As Suez proved, the idea of a cultural affinity between Britain and the US is meaningless. Britain should be America's criticby Owen Harries / April 20, 2001 / Leave a comment
During recent months, many people have been looking back to the beginning of the 20th century to find parallels with our present circumstances. The position of Britain then-both with respect to its dominance and the first signs of its decline-has been compared to that of the US today; the significance of the rise of Germany then has been compared to the anticipated emergence of China as a genuine world power. And Norman Angell’s belief-expressed on the eve of the first world war-that interdependence was rendering war obsolete is seen as the equivalent of the current faith in the pacific effects of globalisation and the spread of democracy.
There is another parallel which deserves mention. Today, a few thoughtful conservatives-among them Robert Conquest and John O’Sullivan-have been making the case for an English-speaking political union. The argument is that the US, Britain, Canada, Australia, New Zealand and some other smaller entities have so much in common in terms of political culture, values and institutions that they should band together and enter into some sort of formal arrangement to act in concert-to create what some are now referring to as a political “Anglosphere.”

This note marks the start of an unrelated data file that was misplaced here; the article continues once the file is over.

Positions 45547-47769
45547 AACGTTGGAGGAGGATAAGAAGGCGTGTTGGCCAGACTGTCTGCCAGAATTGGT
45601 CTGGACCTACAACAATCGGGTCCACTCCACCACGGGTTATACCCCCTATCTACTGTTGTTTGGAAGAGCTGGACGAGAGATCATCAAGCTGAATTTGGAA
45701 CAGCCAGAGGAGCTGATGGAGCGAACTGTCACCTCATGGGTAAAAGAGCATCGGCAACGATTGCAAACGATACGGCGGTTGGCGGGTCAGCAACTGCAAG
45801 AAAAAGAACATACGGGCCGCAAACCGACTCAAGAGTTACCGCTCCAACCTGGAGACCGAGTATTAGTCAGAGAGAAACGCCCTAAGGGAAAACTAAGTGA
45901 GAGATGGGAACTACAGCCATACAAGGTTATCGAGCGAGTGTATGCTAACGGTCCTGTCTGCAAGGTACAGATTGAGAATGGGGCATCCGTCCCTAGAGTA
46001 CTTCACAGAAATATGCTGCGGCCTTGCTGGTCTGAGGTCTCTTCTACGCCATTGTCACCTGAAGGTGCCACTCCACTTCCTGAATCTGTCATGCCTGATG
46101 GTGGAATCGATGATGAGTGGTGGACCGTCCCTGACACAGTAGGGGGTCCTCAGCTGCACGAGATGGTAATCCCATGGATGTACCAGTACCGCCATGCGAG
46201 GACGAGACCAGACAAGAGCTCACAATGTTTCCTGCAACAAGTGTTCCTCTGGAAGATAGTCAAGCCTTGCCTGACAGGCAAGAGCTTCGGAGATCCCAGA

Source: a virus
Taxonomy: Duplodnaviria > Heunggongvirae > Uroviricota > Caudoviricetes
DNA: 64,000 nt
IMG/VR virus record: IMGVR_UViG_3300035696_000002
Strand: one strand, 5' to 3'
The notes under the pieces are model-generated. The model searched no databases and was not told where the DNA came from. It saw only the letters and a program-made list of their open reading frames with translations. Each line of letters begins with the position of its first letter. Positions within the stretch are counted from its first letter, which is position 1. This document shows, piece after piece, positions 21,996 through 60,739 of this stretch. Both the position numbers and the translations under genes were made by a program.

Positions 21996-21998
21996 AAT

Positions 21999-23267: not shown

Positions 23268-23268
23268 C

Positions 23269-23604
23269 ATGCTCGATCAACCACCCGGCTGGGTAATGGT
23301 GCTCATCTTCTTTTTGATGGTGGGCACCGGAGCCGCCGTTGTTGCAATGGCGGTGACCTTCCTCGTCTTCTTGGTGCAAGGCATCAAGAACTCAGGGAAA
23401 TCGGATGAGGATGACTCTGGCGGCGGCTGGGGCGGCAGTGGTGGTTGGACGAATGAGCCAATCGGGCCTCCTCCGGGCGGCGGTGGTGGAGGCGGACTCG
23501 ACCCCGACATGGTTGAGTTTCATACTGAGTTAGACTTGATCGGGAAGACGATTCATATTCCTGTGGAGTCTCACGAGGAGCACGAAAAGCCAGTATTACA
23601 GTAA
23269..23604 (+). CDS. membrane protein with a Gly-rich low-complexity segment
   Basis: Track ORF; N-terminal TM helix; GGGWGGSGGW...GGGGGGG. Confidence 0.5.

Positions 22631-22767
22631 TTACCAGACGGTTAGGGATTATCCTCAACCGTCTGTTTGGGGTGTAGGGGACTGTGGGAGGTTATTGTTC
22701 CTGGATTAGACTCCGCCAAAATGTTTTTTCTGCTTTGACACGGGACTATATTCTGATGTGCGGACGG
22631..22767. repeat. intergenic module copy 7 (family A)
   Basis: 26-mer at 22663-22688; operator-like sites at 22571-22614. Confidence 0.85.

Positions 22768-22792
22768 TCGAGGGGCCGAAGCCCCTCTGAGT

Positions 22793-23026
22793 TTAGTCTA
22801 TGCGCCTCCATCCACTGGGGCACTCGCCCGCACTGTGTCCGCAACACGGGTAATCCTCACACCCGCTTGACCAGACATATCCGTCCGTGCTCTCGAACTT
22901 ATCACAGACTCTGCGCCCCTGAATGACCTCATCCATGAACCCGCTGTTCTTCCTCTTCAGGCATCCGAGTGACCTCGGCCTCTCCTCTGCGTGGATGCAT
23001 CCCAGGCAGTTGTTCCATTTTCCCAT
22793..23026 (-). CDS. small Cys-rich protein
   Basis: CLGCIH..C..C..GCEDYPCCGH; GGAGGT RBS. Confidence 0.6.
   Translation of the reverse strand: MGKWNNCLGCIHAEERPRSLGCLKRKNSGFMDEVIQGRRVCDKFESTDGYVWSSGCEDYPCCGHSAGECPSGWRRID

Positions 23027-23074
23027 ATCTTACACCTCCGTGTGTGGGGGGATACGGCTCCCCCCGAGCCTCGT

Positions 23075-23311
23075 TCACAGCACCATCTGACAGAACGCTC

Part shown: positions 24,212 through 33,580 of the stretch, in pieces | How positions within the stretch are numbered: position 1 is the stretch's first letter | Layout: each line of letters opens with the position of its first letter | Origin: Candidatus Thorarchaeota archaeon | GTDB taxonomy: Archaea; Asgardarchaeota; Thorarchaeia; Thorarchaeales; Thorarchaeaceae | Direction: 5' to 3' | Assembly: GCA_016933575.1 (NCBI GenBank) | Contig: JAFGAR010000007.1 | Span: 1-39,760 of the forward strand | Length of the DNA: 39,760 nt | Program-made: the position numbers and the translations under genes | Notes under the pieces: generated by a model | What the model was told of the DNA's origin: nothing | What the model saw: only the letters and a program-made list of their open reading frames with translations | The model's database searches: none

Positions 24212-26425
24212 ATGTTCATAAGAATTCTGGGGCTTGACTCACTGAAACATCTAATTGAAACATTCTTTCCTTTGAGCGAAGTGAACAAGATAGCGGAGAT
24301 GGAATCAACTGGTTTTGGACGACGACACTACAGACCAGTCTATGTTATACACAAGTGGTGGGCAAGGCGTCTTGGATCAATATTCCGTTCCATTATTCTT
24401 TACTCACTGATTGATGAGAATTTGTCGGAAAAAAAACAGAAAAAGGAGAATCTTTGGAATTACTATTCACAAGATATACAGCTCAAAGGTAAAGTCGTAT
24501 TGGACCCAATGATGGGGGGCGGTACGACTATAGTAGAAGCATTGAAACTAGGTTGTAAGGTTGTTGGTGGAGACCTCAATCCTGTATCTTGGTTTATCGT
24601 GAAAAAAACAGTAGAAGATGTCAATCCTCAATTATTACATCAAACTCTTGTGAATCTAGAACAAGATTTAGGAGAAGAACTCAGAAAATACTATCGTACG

This line of argument almost exactly replicates one advanced by a group of highly intelligent, well-educated and well-connected young men at the beginning of the last century. The group-known as Milner’s Kindergarten after its patron Lord Milner, or sometimes as the Cliveden set because of its connection with the Astors-included among others Philip Kerr (later, as Lord Lothian, Britain’s ambassador to the US during the second world war), Lionel Curtis (founder of Chatham House) and Geoffrey Dawson (to be for 25 years editor of The Times, when that newspaper still had great political influence).
The historian Norman Rose has recently written about this group in terms that could be applied, almost word for word, to today’s advocates of an English-speaking union: “What they meant by ‘doing things in the world’ was primarily to sustain the Anglo-Saxon fraternity. Dedicated to an intimate partnership between the dominions and Britain… and a strengthening of the Anglo-American connection, they aimed in this way to preserve Britain’s distinctive role in international affairs.” The similarity extends also to what they disliked and feared: “For Kerr and his friends, France was the bogeyman of Europe. There was an almost paranoid fear that scheming French politicians would embroil Britain in disputes at variance with its genuine…